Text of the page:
Why is Frankenstein's creature considered more monster than human? 

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kapokkid | High School Teacher | (Level 1) Educator Emeritus

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In large part, the nature of the monster's creation served to condemn him forever to the status of monster despite his having a human "soul" or the ability to feel and think like a human. His enormous size and super-human strength, which give far greater impact to his rage-driven killings, also serve to make him repugnant and anathema to humans so that he is considered a monster rather than a human.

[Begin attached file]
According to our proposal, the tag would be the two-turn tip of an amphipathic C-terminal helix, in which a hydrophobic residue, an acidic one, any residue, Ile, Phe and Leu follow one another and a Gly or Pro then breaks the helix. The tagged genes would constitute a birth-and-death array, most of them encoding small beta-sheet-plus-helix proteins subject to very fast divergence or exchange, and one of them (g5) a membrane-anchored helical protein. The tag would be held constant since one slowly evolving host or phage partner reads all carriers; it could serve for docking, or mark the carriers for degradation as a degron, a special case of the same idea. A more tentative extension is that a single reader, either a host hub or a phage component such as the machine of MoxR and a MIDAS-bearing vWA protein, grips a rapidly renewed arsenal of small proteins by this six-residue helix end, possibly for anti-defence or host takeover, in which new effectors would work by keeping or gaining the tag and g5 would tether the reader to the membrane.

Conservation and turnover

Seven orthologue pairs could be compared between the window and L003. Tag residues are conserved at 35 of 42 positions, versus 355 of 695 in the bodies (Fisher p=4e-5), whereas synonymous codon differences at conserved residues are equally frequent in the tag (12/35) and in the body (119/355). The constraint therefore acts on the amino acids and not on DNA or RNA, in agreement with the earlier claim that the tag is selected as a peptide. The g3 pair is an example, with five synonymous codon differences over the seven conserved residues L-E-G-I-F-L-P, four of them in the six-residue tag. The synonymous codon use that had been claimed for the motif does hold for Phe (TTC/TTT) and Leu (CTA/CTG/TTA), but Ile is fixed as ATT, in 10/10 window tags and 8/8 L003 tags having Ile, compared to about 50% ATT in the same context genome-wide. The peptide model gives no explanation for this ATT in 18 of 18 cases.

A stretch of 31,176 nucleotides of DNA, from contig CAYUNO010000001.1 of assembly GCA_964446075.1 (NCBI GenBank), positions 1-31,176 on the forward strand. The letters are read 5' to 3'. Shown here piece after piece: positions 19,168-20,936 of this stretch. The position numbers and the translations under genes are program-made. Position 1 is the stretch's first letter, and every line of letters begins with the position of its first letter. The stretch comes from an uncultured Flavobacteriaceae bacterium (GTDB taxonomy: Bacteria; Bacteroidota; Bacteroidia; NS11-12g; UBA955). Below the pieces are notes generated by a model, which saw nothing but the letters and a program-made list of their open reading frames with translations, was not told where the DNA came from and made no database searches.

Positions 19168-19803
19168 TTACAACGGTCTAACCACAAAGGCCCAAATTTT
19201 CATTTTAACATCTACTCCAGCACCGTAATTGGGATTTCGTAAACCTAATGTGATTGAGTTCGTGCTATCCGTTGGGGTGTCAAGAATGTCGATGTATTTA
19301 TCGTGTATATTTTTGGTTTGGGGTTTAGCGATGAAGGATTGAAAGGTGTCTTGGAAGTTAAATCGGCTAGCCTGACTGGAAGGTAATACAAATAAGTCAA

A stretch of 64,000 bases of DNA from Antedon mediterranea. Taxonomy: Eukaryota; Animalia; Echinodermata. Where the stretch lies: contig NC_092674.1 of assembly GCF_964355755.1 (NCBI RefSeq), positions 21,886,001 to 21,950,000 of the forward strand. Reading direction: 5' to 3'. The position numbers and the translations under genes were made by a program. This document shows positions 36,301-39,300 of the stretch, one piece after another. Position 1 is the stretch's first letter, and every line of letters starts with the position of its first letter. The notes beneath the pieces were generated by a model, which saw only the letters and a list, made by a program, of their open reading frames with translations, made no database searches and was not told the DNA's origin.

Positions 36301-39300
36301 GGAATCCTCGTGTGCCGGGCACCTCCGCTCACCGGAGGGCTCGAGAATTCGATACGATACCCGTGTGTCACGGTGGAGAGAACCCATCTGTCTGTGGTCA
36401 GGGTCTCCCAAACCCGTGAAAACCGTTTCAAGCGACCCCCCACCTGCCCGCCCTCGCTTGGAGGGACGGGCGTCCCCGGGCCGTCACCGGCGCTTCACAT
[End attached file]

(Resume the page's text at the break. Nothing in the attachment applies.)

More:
His appearance, having been cobbled together from cadavers, is another reason why he is accorded the status of a monster rather than a human. Even as he comes more and more to feel the emotions and the desires of humans, love, sadness, loneliness, etc., humans cannot look on him with anything other than fear and loathing. This compounds his loneliness and fear, which then drive him to more "monstrous" behaviors, further condemning him.


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